omega feature - bowl of fruit with grains, seeds and oats

Just like so many other vitamins and minerals, a daily balance of omega fatty acids is necessary to keep us in tip-top health. Our bodies can’t make these fatty acids, so it’s down to us to help ourselves by including omega-rich foods in our diets.

For the most part, fat is regarded as negative. However, the term fat is broad by definition; in contrast to popular opinion that all fat is bad, there are “good” and “bad” fats. The “good” fats are the essential fatty acids (EFAs) from the omega-3 and omega-6 families, required for the proper structure and function of every cell in our bodies.

The most common way of getting omegas in our diet is through oily fish or eggs – but if you’re veggie, vegan or have chosen to reduce your intake of animal products, then you might be wondering where else you can get your EFAs from. When it comes to upping your omega levels, don’t worry about bringing your calculator into the kitchen. All you have to do is focus on getting more plant-based omega-rich foods like these into your diet.


Some of my favorite products are linseeds and linseed oil, which are rich in natural fatty acids. When using the oil, be careful to only use it in its raw form, unheated, and preferably kept in a dark bottle and cupboard. The oil is sensitive to light and temperature which easily damages the omega-3s and reduces their health benefits.

My favourite way to use linseed oil is to drizzle it on a garlic-rubbed piece of toast topped off with juicy tomatoes or avocado – my idea of heaven on a plate! It’s also great on salads, in homemade pesto, and is great for giving extra oomph to pasta dishes or veggies.


Not only are walnuts tasty, they’re also super-healthy. The superstar of the nut family in terms of omega-3s, they contain more goodness than any other nut. Use these gems to top off beautiful salads and to add an unexpected crunch to risottos or pasta dishes. I love nut butters, so when I have the time I make my own, simply by blending walnuts with coconut oil and adding a pinch of sea salt for flavour.


Leafy green veg and squash contain some omega-3s, too. Juice, blanch, roast, blend into a smoothie or use in a lovely salad – there are endless options for getting your greens in.

Kale has become synonymous as being a “super food” and is great in salads, blanched or used as a filling, like in Jamie’s delicious vegan rolls. Squash can be eaten in so many ways and is a huge hit with kids as it tastes slightly sweet. Roast it, blend it into a soup – you can even use it to make pancakes.


Fish are so rich in omega-3s because they eat algae and seaweed, so incorporating these into our diets is a no-brainer for me! The most obvious (and tastiest) way to include algae and seaweed in my family’s diet is by making our own sushi. Simply boil some rice, choose a filling, stack on a sheet of seaweed (nori) and roll. Cut into bite-size pieces, dunk in some low-salt soy sauce and you’re good to go. It’s a great way to get the kids involved in cooking and to make sure they’re getting their omegas at the same time.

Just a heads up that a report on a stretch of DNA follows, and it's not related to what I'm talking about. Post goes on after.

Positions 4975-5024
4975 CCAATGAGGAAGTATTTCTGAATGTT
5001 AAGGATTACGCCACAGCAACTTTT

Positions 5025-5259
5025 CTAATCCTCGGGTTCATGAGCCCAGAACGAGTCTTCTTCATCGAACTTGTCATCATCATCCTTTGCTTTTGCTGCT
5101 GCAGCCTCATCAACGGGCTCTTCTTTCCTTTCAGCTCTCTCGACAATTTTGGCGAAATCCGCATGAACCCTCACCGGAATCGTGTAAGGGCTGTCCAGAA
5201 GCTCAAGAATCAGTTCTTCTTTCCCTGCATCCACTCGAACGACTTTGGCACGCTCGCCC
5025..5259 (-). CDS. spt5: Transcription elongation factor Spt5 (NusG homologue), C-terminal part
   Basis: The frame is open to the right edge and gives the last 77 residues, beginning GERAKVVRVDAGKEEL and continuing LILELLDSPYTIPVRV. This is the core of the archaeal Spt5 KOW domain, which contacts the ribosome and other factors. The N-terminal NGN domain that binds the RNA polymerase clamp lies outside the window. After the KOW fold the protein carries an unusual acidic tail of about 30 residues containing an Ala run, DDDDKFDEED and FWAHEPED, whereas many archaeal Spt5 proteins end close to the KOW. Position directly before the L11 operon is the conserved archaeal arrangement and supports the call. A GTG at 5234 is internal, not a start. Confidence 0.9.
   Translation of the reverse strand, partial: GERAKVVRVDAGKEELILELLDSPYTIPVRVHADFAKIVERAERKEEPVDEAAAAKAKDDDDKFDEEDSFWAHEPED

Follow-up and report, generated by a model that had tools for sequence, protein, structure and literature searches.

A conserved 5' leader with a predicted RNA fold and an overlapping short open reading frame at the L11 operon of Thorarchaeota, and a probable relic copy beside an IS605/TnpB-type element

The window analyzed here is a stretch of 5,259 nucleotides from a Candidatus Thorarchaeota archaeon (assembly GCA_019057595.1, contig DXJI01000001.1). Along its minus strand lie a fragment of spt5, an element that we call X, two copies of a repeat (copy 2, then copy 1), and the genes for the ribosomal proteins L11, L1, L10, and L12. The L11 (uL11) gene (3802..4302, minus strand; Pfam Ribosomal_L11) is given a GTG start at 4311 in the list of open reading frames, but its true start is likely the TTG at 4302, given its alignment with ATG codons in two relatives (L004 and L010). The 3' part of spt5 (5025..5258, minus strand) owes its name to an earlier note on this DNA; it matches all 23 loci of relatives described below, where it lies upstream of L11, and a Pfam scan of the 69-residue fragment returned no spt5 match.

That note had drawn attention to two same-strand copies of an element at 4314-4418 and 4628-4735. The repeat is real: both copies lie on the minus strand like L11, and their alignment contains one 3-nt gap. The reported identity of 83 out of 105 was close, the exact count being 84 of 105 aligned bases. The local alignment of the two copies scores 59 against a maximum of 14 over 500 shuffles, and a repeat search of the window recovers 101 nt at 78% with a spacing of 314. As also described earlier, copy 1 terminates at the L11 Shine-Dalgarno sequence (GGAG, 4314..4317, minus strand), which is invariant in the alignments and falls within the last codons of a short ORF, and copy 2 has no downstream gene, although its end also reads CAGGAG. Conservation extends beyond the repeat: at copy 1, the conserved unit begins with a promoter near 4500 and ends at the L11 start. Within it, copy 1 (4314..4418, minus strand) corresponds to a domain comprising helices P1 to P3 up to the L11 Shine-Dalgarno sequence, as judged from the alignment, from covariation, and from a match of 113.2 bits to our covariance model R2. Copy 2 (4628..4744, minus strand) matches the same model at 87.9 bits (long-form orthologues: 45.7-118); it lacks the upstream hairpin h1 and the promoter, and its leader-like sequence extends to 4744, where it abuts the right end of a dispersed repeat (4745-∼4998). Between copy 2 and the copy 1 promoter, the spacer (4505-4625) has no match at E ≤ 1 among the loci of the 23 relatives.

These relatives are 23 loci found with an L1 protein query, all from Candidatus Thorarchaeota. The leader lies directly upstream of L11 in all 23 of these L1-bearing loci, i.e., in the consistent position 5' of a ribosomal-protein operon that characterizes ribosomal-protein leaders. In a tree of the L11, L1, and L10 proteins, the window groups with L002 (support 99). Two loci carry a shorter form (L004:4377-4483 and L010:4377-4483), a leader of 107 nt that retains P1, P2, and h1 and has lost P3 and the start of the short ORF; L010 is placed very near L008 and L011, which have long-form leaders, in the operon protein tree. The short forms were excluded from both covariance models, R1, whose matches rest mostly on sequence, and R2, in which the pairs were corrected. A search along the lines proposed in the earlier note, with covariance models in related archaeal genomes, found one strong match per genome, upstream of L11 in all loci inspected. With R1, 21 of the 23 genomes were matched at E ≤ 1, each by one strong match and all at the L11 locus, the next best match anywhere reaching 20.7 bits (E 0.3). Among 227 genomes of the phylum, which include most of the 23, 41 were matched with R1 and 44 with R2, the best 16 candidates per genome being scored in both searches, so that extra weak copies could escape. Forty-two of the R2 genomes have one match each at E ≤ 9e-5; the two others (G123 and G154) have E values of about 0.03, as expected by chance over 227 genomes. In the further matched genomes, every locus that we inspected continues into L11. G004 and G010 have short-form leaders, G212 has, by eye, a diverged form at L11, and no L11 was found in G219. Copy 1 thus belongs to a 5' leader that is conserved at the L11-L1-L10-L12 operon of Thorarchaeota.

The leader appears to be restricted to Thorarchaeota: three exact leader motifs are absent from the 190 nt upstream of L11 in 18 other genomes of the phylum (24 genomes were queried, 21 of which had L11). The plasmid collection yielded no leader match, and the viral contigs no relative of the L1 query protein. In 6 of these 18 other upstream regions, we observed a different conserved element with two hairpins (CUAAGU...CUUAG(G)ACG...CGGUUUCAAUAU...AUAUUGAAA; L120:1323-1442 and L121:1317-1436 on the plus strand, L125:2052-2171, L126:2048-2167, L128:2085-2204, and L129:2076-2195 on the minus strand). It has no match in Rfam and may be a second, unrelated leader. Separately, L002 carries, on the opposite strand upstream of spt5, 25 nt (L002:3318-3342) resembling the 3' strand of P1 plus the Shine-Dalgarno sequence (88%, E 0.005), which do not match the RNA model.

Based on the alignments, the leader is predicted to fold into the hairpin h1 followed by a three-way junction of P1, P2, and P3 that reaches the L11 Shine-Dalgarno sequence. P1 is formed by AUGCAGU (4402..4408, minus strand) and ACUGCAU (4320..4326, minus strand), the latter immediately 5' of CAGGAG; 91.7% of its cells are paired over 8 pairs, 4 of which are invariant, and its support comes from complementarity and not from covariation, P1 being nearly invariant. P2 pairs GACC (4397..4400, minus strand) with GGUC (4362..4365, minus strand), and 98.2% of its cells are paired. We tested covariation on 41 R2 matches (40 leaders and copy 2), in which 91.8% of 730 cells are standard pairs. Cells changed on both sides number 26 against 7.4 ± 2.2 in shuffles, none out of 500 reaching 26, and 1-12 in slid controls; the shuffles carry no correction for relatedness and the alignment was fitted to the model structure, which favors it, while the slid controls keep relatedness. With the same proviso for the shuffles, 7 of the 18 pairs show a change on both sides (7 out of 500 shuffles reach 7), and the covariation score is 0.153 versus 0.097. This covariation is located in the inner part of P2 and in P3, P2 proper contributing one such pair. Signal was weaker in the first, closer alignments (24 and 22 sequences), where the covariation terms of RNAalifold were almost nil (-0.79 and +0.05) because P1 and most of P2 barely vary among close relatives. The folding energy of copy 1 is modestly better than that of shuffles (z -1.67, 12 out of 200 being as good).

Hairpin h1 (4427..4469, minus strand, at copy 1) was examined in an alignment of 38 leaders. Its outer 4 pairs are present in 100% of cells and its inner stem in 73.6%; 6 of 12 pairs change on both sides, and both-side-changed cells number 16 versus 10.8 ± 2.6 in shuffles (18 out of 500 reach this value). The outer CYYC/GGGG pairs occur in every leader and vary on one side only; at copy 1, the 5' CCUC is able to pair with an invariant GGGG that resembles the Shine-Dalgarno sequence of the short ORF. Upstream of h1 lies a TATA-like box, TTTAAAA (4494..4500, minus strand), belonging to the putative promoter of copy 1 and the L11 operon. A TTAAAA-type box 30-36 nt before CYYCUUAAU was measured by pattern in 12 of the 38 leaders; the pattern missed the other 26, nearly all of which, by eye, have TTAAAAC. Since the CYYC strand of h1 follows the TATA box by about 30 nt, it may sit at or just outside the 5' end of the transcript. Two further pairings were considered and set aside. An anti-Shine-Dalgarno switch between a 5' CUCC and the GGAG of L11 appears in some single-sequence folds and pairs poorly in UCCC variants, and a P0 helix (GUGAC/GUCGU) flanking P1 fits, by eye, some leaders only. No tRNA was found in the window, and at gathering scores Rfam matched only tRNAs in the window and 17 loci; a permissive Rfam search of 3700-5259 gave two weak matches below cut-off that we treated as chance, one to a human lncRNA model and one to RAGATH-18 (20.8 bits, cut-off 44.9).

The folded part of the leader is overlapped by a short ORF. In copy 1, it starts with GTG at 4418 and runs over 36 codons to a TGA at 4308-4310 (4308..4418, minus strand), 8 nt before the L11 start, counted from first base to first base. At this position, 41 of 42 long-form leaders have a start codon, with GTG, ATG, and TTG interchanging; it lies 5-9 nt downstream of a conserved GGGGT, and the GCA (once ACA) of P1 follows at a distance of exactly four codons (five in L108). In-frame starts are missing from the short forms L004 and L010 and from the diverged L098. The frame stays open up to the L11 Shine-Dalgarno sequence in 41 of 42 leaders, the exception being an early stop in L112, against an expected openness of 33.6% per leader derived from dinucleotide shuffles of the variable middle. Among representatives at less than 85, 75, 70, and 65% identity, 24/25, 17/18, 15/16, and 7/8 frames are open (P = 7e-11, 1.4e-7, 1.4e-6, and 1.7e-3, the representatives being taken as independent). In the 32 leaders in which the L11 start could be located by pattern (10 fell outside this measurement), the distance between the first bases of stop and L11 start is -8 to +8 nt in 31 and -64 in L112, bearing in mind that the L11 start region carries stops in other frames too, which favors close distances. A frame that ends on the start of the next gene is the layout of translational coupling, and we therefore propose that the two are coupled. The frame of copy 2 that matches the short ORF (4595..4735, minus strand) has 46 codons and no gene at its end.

Whether you choose plant or animal sources, getting your omegas though food is much more effective than taking supplements. So choose one of the above options – or pick them all – and start getting more of these good fats into your diet.


Flaxseeds are the clear winners from the plant-based kingdom. Not only are they one of the best sources of omega-3s, they also contain the highest concentration of lignans of any plant source (lignan is a phytonutrient only found in plants and has been linked to fighting inflammation-based diseases).

The mighty chia seed is no slouch either. As well as being omega-rich, this tiny seed is also a great source of calcium and has amazing hydrating properties. Eaten as is, soaked in nut milks or sprinkled over breakfast, this dense little seed will pack a nutritional punch in any dish.

These seeds can be sprinkled over food, incorporated into dressings, hidden in your favourite bakes or used to top off soups, smoothies and porridge – plus they make great additions to homemade muesli.

About the author

Bettina Campolucci-Bordi

Bettina Campolucci-Bordi lives in Marbella, Spain, and is a chef and blogger specialising in plant-based food free of sugar and gluten. Besides being a full-time mum, she also writes a blog, Bettina's Kitchen, which is filled with recipes and her travels. As part of her job she runs cooking workshops on finding solutions to the most common allergens. You can also find Bettina on Instagram.

Bettina Campolucci-Bordi